Many thanks to the gracious and talented aphra behn, who minded the Cave of the Moonbat last week while I caught up on a backlog of grading. aphra's American Women's History, 1820-1860 provided whole new layers of context and meaning to the ongoing discussion about 19th-century politics, and the comment threads were as enlightening as the diary itself - truly the mark of a great historiorantrix and an awesome community of Cave-dwellers. Thanks again! - U.M.)
Tonight - for our purposes, some evening sometime in the first half of the 1860s, somewhere in some field in the eastern United States - y'all's resident historioranter'd like to invitechee ta' join me, if ya' please, around this-here campfire - where, Lord providin', we can chew some `baccy and drink some chicory coffee while we clean our weapons in preparation for the `morrow's battle. Go ahead, pull up a log an' set a spell - it'll give us a chance to ask ourselves: How in the hell did it come to this?
The history of the period from the Age of Jackson to the Election of 1860 reads like a checklist of how to rip a country apart. Take a look:
Once-powerful parties destroyed by an inability to deal with the most divisive issues of the day? - check: Both the stodgy old Whig Party and the once-tsunami-like Democrats of the Jacksonian variety splintered and broke in the face of their efforts to find national solutions to increasingly sectional problems.
Weak and/or incompetent leaders? - check: There's a reason the 8 Presidents between Jackson and Lincoln served one term or less (besides the fact that two of them died in office). In different ways, and to differing degrees, they all displayed enough Bushian qualities to rival even our own contemporary Preznit in terms of suckiness. George's special claim to the title of Worst President Ever comes from the unique nature of his suckiness across a broad spectrum of issues, but Franklin Pierce was every bit the Decider's equal in terms of bungled expansionist ploys, Van Buren was just as capable of mismanaging an economy, and Buchanan displayed the same remarkable ability to remain aloof and isolated while his nation disintegrated around him.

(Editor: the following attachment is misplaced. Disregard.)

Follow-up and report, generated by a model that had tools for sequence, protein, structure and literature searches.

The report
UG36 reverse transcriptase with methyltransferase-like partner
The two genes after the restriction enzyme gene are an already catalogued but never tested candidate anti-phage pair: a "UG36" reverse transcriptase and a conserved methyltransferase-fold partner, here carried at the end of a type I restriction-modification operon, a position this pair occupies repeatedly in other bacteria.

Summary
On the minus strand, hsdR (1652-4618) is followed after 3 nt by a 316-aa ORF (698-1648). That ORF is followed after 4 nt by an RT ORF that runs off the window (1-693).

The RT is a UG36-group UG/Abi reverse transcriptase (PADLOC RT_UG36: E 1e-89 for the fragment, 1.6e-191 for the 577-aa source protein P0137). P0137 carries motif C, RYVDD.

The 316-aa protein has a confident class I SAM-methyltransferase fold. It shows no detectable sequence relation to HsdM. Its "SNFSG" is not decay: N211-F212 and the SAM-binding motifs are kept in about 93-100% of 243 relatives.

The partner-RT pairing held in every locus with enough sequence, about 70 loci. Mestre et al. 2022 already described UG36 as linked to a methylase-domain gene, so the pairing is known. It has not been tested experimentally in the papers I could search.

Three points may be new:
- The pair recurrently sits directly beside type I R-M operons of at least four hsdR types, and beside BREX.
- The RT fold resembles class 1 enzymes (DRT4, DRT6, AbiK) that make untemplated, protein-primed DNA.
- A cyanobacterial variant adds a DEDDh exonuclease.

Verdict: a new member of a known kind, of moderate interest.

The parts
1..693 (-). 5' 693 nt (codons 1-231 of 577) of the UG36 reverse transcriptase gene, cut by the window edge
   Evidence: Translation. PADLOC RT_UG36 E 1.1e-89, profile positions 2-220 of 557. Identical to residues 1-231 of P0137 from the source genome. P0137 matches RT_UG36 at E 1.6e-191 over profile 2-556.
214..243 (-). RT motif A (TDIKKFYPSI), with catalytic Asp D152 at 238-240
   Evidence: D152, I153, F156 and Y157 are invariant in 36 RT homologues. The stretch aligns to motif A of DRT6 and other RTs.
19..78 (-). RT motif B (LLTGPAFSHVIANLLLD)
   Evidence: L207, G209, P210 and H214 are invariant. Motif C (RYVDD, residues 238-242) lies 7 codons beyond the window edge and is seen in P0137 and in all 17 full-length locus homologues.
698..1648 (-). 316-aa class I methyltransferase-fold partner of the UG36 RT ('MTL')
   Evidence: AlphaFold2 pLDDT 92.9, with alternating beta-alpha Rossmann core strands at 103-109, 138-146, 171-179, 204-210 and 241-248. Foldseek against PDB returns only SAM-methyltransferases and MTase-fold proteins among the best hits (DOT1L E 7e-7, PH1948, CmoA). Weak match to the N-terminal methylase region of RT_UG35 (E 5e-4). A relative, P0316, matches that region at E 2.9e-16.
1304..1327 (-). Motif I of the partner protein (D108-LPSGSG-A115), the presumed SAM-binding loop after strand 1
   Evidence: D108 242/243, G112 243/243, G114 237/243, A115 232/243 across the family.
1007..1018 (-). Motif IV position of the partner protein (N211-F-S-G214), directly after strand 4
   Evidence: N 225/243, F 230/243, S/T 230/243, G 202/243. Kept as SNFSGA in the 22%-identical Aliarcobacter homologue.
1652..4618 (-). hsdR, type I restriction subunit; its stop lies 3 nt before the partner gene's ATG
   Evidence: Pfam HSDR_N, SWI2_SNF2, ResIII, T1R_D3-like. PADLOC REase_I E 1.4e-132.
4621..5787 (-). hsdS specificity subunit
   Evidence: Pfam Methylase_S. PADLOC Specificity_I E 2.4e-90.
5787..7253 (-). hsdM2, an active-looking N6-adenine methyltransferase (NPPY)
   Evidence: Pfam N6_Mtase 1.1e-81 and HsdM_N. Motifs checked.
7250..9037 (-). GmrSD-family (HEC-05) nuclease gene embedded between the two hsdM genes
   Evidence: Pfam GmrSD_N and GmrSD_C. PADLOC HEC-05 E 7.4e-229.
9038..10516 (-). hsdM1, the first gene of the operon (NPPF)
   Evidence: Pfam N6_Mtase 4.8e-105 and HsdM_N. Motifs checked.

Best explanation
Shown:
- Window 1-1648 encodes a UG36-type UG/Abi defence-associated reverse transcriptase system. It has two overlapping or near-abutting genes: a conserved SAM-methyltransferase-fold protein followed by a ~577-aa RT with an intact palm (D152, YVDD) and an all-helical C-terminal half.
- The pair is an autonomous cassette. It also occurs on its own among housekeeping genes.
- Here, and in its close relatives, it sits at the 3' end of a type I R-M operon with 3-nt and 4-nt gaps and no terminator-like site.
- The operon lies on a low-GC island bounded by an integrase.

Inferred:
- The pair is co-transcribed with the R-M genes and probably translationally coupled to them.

Failed efforts at compromise? - check: The wizened statesmen of an earlier age had given way to a younger, more hotheaded breed of philosophical zealot. The great orator/compromisers played their swan song with the Compromise of 1850, and a country that had taken its cues from men like Daniel Webster, Henry Clay, and John C. Calhoun soon found itself saddled with leaders more akin to Mad Tom Tancredo or Ken "I Support Joe Lieberman!" Salazar. Uninspiring men, motivated by self-certainty to the complete exclusion of differing opinions, drew lines in the ideological sandbox, even as folks who'd moved west looking for a fight started shooting at each other